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Canter v. Graham

United States District Court, D. Maryland

January 7, 2015

CHARLES R. CANTER, III Plaintiff,
v.
RICHARD GRAHAM, JR. JAMES TITCHNELL, T. HUMBERTSON, J. WILSON, B. PAYTON, and C. MELLOTT Defendants.

MEMORANDUM

GEORGE JARROD HAZEL, District Judge.

The above-captioned civil rights complaint was filed on December 19, 2014, with Motions for Appointment of Counsel and to Proceed in Forma Pauperis. Under 28 U.S.C. ยง 1915A, prisoner complaints are screened by this Court and any complaint that is frivolous, malicious or fails to state a claim upon which relief may be granted must be dismissed. For the reasons that follow, the instant complaint must be dismissed.

Plaintiff Charles R. Canter, III ("Canter") asserts that he was wrongfully classified to a maximum security prison based on his institutional disciplinary record from a prior incarceration.[1] Specifically, Canter asserts the objective score supplied by the classification worksheet used by the Maryland Division of Correction to determine an initial security assignment for newly sentenced inmates was a score of 12, which qualified him for assignment to minimum security. ECF 1 at pp. 1-6. The classification team overrode the score on the basis that Cantor "was previously incarcerated... and... had nine (9) rule violations, seven (7) Category I violations including assaults on staff." Id. at p. 6. Cantor claims that Warden Richard Graham informed him his approval of this decision was based on twenty different Internal Investigative Unit (IIU) cases. Id. at pp. 6-7. Cantor asserts his classification to maximum security was in retaliation for reporting cases of abuse during his prior incarceration. Id. at p. 7. He further asserts that the Case Management Manual provides that past adjustment history from a prior incarceration will not be relied upon for assignment to a security level. Id. at p. 8. Cantor claims he has requested copies of both the IIU files and the Case Management Manual, but they have not been provided. Additionally, he asserts that he filed a complaint with the Inmate Grievance Office (IGO) regarding this matter and, after providing the IGO with paperwork requested from him, his case was never processed.[2]

Cantor alleges that assignment to maximum security violates his Eighth and Fourteenth Amendment rights. It is well established that prisoners do not have a constitutional right to access programs or to demand to be housed in one prison verses another, absent a showing of significant hardship, the portion of Plaintiff's complaint regarding these allegations must be dismissed. "[G]iven a valid conviction, the criminal defendant has been constitutionally deprived of his liberty to the extent that the State may confine him and subject him to the rules of its prison system so long as the conditions of confinement do not otherwise violate the Constitution." Meachum v. Fano, 427 U.S. 215, 224 (1976); see also Sandin v. Conner, 515 U.S. 472 (1995) (requiring an atypical and significant hardship as prerequisite to creation of a constitutionally protected liberty interest). Cantor describes no conditions that qualify as constitutional violations. Rather, his claim is simply that information about him was considered that should not have been considered and, in light of his short term of confinement, he is entitled to a lower security assignment.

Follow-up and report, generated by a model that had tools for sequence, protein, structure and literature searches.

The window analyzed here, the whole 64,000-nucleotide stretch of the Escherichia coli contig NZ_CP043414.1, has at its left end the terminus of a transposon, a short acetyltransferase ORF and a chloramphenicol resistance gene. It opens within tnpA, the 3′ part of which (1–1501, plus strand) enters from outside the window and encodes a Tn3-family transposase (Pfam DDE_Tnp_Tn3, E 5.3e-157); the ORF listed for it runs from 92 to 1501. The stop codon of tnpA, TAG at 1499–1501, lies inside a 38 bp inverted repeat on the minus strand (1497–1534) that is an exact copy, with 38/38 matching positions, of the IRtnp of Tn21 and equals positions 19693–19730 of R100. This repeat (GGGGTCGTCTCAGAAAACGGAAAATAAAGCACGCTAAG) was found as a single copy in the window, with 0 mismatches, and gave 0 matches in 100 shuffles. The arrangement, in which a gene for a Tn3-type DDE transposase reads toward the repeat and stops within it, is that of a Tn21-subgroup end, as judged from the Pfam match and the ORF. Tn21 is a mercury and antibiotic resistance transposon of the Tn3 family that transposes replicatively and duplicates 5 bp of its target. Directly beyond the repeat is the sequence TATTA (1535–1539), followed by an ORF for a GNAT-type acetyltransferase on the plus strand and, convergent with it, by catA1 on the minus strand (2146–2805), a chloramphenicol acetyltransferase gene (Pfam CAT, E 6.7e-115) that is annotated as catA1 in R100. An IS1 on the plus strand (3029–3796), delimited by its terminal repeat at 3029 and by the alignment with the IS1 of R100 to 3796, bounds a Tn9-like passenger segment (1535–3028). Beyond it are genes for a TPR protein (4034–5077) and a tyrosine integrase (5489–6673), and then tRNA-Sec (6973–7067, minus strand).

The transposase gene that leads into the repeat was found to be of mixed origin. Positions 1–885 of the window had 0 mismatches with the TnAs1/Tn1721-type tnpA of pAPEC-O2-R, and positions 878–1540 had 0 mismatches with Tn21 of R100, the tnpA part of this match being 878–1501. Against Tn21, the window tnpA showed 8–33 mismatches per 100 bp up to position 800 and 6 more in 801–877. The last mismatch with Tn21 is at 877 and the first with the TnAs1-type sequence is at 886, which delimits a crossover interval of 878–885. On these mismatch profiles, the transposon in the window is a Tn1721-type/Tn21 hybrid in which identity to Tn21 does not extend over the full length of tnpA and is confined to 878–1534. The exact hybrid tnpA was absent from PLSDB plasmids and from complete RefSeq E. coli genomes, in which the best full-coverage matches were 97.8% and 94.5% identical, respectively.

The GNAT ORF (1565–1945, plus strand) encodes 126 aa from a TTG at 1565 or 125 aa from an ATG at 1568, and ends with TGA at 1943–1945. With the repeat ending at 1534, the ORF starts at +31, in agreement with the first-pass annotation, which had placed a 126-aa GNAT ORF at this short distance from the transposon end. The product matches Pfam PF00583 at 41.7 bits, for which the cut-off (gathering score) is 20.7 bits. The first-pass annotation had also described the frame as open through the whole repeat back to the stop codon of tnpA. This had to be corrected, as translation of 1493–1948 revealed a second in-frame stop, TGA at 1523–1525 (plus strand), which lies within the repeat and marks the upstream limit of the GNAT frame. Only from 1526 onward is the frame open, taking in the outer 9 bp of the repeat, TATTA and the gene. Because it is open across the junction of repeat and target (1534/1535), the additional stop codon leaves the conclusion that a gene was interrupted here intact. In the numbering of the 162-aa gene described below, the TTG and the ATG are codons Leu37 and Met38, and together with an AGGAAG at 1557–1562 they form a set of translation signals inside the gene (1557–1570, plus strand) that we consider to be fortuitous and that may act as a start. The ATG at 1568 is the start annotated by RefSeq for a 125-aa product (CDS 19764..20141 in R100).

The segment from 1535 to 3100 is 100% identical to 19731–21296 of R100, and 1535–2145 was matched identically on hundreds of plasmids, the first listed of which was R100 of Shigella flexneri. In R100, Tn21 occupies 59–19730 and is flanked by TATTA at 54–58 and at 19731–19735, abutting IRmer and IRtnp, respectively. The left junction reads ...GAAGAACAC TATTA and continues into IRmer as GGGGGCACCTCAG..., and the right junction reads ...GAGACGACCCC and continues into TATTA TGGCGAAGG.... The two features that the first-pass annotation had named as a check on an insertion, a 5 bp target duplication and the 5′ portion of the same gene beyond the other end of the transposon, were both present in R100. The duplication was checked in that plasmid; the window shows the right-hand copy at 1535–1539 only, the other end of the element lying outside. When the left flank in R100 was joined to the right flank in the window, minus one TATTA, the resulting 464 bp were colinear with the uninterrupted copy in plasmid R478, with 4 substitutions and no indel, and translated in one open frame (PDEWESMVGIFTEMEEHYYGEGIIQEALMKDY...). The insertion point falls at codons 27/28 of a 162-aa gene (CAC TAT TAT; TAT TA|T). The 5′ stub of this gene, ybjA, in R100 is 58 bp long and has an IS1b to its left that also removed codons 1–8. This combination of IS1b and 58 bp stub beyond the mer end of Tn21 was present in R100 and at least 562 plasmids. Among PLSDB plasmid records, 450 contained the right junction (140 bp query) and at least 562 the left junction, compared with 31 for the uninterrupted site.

To the extent Cantor alleges his assignment was retaliatory, the allegation is unsupported by any objective evidence. In order to prevail on a claim of retaliation, the complaint "must allege either that the retaliatory act was taken in response to the exercise of a constitutionally protected right or that the act itself violated such a right." Adams v. Rice, 40 F.3d 72, 75 (4th Cir. 1994). "A complaint which alleges retaliation in wholly conclusory terms may safely be dismissed on the pleading alone.'" Gill v. Mooney. 824 F.2d 192, 194 (2nd Cir. 1987) (quoting Flaherty v. Coughlin, 713 F.2d 10, 13 (2nd Cir. 1983)); Pierce v. King, 918 F.Supp. 932, 945 (E.D. N.C. 1996) (conclusory allegations of retaliation insufficient to state claim). "In the prison context, we treat such claims with skepticism because [e]very act of discipline by prison officials is by definition retaliatory' in the sense that it responds directly to prisoner misconduct.'" Cochran v. Morris, 73 F.3d 1310, 1317 (4th Cir. 1996) quoting Adams, 40 F.3d at 74. Cantor's vague claim that his complaints about staff abuse were the alleged basis for retaliation simply does not suffice to state a claim.

The complaint shall be dismissed; Cantor's Motion for Leave to Proceed in Forma Pauperis shall be granted; and his Motion to Appoint Counsel shall be denied. A separate Order follows.


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